12 June 2024

Spirit of Tasmania ongoing delays may lead to inquiry

| James Day
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New Spirit of Tasmania ship under construction in Finland.

One of the two new Spirit of Tasmania ships under construction in Finland. Photo: Spirit of Tasmania.

Tasmania’s Opposition has called for a parliamentary inquiry to investigate the ongoing delays around two new Spirit of Tasmania ships under construction in Finland.

The current two operational vessels were built in 1998 and the Tasmanian government decided in 2017 to construct replacements for the journey between Devonport and the Victorian port of Geelong.

In March the vessel’s operator TT-Line agreed to pay an additional $81 million to Rauma Marine Constructions (RMC). The Finnish shipbuilder has been experiencing financial constraints, partially due to an increase in the cost of materials.

In May the government of Finland committed to match this amount and underwrite the future financial viability of RMC. TT-Line agreed to the revised contract on the condition that RMC would not have to pay late fees.

Independent economist Saul Eslake estimated that every year the new vessels were delayed, the Tasmanian economy would forfeit $350 million and 6000 jobs.

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After these issues came to light, Tasmanian Labor leader Dean Winter said his party would move to establish a short parliamentary inquiry “to get to the bottom of the mess surrounding the delivery of the new Spirit of Tasmania vessels”.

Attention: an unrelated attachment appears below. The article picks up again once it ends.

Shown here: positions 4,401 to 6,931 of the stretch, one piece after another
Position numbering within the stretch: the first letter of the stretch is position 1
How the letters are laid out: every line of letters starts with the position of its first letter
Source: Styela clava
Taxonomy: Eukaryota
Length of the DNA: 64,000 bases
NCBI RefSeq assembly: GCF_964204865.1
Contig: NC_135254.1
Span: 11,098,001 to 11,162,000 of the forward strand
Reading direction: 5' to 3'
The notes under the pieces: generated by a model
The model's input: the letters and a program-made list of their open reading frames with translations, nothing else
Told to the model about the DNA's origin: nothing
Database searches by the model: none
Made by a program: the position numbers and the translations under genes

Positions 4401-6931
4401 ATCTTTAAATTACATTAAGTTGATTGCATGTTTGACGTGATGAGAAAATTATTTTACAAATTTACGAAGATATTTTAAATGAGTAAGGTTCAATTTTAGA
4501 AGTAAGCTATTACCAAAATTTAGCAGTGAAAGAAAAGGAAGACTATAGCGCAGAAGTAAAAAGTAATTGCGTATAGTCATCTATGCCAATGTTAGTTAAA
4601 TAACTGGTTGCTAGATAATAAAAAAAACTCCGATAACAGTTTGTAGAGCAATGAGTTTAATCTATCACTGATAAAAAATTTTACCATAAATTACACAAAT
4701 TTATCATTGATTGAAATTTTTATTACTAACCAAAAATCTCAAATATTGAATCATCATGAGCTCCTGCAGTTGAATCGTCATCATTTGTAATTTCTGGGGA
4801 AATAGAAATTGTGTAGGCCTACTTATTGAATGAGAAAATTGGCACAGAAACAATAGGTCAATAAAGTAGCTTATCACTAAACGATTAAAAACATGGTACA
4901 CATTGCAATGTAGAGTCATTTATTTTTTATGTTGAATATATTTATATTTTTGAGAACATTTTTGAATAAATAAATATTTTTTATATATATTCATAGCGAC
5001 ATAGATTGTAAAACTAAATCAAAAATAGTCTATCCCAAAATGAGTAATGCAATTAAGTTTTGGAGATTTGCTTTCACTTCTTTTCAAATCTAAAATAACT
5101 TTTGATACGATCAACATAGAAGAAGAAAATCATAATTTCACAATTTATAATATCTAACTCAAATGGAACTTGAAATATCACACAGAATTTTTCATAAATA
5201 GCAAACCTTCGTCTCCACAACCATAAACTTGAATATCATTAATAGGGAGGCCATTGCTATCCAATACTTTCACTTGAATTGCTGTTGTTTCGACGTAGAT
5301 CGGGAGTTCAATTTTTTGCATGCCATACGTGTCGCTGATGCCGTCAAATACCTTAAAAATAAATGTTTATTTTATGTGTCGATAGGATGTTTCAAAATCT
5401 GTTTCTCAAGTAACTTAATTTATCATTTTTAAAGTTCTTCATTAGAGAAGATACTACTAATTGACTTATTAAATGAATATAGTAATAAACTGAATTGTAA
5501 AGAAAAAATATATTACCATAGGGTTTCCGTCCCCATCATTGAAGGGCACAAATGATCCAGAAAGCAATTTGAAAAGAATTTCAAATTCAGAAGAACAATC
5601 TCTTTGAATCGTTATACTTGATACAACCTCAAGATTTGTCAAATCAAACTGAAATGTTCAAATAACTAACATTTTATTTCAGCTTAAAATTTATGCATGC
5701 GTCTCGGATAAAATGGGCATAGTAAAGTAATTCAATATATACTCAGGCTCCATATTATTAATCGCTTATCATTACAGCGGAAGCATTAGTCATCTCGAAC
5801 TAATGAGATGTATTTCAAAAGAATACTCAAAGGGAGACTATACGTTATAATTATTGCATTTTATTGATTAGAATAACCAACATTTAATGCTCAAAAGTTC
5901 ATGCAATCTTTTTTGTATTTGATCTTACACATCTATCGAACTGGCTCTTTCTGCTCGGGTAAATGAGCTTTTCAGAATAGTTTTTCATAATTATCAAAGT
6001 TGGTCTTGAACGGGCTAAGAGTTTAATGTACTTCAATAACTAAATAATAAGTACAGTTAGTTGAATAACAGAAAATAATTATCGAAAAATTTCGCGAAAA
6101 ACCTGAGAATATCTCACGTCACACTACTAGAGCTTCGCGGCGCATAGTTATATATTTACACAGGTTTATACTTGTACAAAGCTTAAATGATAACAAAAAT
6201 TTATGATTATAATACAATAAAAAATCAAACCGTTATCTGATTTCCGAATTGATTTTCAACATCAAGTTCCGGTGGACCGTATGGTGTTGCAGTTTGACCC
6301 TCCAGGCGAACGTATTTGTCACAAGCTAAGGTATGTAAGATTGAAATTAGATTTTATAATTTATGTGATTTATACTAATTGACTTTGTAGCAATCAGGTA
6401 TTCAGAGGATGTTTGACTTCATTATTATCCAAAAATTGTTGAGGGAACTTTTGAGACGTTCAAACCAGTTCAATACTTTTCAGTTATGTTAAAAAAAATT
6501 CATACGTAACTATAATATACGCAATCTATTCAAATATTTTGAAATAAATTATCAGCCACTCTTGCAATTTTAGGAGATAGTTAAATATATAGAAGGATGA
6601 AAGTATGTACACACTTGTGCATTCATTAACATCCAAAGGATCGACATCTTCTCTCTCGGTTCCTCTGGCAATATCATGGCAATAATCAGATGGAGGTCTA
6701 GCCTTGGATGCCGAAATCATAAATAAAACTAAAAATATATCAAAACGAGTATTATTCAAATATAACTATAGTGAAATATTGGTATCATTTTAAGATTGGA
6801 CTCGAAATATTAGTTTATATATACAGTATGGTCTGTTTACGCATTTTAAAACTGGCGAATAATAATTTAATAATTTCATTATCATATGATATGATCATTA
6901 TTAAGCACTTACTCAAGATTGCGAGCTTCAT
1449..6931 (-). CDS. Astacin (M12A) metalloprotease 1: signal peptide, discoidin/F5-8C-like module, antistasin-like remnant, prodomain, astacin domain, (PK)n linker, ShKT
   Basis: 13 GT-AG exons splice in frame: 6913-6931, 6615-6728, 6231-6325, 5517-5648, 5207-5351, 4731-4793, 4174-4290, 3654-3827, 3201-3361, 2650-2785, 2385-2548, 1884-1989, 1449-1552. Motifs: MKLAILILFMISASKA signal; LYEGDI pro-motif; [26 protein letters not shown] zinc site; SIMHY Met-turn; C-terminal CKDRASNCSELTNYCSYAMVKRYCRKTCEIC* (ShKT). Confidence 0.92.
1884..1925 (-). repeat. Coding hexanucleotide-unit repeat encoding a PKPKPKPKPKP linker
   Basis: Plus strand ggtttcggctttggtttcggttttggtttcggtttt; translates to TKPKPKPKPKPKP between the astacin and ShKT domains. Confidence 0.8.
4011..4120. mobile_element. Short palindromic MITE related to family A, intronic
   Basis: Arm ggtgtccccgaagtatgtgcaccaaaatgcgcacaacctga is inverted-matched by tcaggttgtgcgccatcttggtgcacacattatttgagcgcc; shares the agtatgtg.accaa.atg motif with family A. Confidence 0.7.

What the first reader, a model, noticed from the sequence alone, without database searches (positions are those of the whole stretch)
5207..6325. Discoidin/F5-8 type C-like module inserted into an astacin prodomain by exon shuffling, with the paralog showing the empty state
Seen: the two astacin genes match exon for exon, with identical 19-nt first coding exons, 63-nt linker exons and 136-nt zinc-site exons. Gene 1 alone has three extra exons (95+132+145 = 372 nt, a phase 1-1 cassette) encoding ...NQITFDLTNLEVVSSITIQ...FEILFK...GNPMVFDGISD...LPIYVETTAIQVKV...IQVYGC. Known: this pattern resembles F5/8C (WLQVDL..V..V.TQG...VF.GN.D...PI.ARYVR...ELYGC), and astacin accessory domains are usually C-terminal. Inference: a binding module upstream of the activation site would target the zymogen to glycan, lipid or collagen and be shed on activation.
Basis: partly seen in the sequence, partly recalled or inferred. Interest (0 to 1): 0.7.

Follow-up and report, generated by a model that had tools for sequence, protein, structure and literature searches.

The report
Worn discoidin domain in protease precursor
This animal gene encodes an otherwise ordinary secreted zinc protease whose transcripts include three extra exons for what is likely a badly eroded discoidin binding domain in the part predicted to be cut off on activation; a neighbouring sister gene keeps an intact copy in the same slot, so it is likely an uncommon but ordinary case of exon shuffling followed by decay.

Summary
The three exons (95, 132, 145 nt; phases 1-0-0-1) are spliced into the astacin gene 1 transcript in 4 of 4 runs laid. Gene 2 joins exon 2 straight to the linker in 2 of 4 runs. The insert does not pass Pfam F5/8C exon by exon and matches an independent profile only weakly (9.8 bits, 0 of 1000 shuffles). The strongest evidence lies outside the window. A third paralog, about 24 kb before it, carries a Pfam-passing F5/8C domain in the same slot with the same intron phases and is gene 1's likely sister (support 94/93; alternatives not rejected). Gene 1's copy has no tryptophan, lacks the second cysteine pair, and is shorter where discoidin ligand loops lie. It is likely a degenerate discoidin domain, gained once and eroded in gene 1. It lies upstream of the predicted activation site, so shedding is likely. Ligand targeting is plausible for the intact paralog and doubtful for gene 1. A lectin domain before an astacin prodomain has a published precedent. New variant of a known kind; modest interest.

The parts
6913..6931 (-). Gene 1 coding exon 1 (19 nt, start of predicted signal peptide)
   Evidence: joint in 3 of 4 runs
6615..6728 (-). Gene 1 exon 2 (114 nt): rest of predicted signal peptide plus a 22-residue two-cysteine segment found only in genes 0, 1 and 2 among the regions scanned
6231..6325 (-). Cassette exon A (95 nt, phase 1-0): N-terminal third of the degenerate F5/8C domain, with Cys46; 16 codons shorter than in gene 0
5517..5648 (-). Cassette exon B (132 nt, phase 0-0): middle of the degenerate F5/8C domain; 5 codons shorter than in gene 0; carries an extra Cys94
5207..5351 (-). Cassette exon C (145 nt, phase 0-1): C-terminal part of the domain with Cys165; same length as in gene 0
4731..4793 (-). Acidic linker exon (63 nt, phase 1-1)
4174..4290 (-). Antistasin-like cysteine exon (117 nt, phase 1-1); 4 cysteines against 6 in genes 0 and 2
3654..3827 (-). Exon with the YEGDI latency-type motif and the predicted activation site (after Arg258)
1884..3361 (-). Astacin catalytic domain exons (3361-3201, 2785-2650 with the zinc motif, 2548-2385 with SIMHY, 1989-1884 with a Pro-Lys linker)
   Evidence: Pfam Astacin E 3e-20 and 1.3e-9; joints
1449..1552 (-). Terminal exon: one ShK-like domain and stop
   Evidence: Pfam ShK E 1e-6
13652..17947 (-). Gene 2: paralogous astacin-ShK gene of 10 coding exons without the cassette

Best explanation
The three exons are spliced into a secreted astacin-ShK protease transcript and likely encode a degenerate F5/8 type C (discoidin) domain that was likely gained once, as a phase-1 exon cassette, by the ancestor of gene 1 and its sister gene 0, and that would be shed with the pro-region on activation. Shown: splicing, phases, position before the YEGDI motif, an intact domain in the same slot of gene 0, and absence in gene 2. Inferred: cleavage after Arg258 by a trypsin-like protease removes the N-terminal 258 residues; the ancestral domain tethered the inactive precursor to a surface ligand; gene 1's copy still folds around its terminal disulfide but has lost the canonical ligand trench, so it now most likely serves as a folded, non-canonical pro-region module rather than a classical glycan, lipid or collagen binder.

“The Spirit’s replacement is the largest and most significant infrastructure project in the state’s history – yet as Labor uncovered in parliament, it’s being grossly mishandled by the Liberals,” said Mr Winter.

“Through questioning the government, Labor discovered that TT-Line handed over an extra $80 million to Finnish shipbuilder RMC for the vessels despite previously stating the contract was fixed-price. TT-Line also waived penalty payments for late delivery, leading to a further financial loss for Tasmania.

“If Labor didn’t ask questions, this critical information – which is absolutely in the public’s interest – would never have come to light.”

At the time, Transport Minister Eric Abetz told parliament that the board of TT-Line “considered this the only viable option, as the alternative was to potentially go back to market for a new ship build”.

“This would have cost more than we are now paying and resulted in a significant additional delay,” said Minister Abetz. “It is important to note that given the increase in materials, the vessels are now worth more.”

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Mr Winter said plenty of other questions remained for the potential inquiry, including:

  • How much will the ships actually cost the Tasmanian taxpayer?
  • When will they be in service?
  • What is going on with the Devonport Port upgrades, which are critical to the ships’ operation but have had the tender documents torn up?
  • What has happened to the promises of $100 million of local content, which includes a significant refuelling commitment?

Tasmanian Premier Jeremy Rockliff said it would be up to parliament to decide on an inquiry.

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